Kolkata: The CBI sleuths, probing the lottery-angle in the multi-crore cattle smuggling scam in West Bengal, on Thursday questioned a lottery-award winner who said that he was “forced” to sell his high-amount ticket at a throwaway price.
An individual, Nur Ali, who is a resident of Boro-Shimuliya village under Bolpur Police station in Birbhum district came to a temporary camp of CBI and informed the sleuths that in January this year, he won a prize of Rs 1 crore against a lottery ticket purchased by him.
However, soon after the news of his winning the prize became viral, some unknown persons came to his residence and took away the award-winning lottery ticket paying an amount of Rs 7,00,000, Nur Ali told the sleuths.
While Nur Ali was being questioned in the CBI camp, his father Kotai Sheikh told mediapersons outside the camp that initially, he and his son did not want to hand over the ticket. “But one evening, a local Trinamool Congress leader named Voja and some of his associates came to my house and threatened us of dire consequences unless we hand over the ticket. We stayed away from our residence for seven days to escape the threats. But after we returned after seven days, threats continued and finally, we were forced to hand over the tickets at a throwaway price,” Kotai Sheikh said.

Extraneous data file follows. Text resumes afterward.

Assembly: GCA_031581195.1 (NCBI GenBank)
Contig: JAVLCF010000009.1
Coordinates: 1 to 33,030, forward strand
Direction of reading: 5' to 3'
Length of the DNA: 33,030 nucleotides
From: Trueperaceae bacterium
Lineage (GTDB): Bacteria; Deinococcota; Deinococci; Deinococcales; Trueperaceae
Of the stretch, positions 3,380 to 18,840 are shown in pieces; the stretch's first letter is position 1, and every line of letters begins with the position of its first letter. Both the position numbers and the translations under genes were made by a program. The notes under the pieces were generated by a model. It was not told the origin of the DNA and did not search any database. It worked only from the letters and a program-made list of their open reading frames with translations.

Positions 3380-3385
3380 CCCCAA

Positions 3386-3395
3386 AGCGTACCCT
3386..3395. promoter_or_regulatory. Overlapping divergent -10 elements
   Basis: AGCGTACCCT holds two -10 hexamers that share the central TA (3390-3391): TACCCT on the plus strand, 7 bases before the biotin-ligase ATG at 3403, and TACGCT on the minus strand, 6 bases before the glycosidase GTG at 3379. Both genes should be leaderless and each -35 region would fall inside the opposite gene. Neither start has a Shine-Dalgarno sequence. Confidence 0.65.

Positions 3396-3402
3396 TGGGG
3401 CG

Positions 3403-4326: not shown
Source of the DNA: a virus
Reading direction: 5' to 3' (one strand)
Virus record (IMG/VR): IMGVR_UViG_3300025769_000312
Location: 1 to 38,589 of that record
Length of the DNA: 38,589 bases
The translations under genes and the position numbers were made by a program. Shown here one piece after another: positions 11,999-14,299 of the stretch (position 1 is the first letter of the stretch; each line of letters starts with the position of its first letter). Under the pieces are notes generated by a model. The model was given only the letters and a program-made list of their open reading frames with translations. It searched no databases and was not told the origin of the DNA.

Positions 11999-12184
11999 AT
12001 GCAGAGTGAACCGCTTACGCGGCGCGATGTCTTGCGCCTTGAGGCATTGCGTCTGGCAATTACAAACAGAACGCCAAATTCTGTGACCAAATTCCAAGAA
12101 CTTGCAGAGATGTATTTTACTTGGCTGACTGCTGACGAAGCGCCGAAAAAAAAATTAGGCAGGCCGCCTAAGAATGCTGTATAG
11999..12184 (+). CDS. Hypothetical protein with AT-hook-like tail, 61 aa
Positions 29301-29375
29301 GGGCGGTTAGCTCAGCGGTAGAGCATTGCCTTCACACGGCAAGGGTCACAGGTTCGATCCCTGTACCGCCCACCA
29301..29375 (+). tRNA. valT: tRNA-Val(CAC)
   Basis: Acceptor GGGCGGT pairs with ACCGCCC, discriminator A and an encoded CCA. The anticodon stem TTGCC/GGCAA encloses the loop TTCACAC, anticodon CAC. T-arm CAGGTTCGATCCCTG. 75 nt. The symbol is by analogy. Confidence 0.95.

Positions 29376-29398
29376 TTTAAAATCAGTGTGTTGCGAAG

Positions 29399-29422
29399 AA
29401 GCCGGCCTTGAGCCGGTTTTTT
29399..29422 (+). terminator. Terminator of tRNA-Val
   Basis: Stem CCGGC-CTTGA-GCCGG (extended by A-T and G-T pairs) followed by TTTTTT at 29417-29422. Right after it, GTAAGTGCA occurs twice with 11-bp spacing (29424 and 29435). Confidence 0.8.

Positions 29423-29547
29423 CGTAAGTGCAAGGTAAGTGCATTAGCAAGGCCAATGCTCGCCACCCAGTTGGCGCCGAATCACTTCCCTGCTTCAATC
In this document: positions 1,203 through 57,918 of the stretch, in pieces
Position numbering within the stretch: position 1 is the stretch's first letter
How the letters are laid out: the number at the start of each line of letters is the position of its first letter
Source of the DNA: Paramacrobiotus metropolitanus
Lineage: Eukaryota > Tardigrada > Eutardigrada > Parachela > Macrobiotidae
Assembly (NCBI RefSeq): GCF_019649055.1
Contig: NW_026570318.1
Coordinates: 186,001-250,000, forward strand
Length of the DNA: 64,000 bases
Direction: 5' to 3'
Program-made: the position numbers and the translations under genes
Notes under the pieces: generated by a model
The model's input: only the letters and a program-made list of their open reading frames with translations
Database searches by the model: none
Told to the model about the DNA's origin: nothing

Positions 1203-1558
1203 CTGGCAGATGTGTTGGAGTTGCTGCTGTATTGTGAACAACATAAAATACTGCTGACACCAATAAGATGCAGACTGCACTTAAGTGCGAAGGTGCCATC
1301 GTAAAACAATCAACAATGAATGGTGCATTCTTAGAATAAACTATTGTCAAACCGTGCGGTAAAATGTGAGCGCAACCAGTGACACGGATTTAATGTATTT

Incidentally, Trinamool Congress leader and the party’s Birbhum district chief Anubrata Mondal, who is currently in judicial custody for his alleged involvement in cattle- smuggling scam, also reportedly won a lottery award of Rs 1 crore during the time when Nur Ali won it. Now, the CBI sleuths are cross-checking whether it was the same ticket which was purchased by Nur Ali.
Already, the CBI sleuths have tracked a total five lottery tickets whose prize went in favour of either Anubrata Mondal or his daughter Sukanya Mondal within a period of little over three years.
The Central agency sleuths have also traced the sixth lottery, whose prize amount had gone to the credit of Enamul Haque, one of the main accused in the scam.
The central agency officials are now almost sure that so many lottery awards within a specific period cannot be a matter of just coincidence and that these lottery awards have some links with the diversion of cattle smuggling proceeds.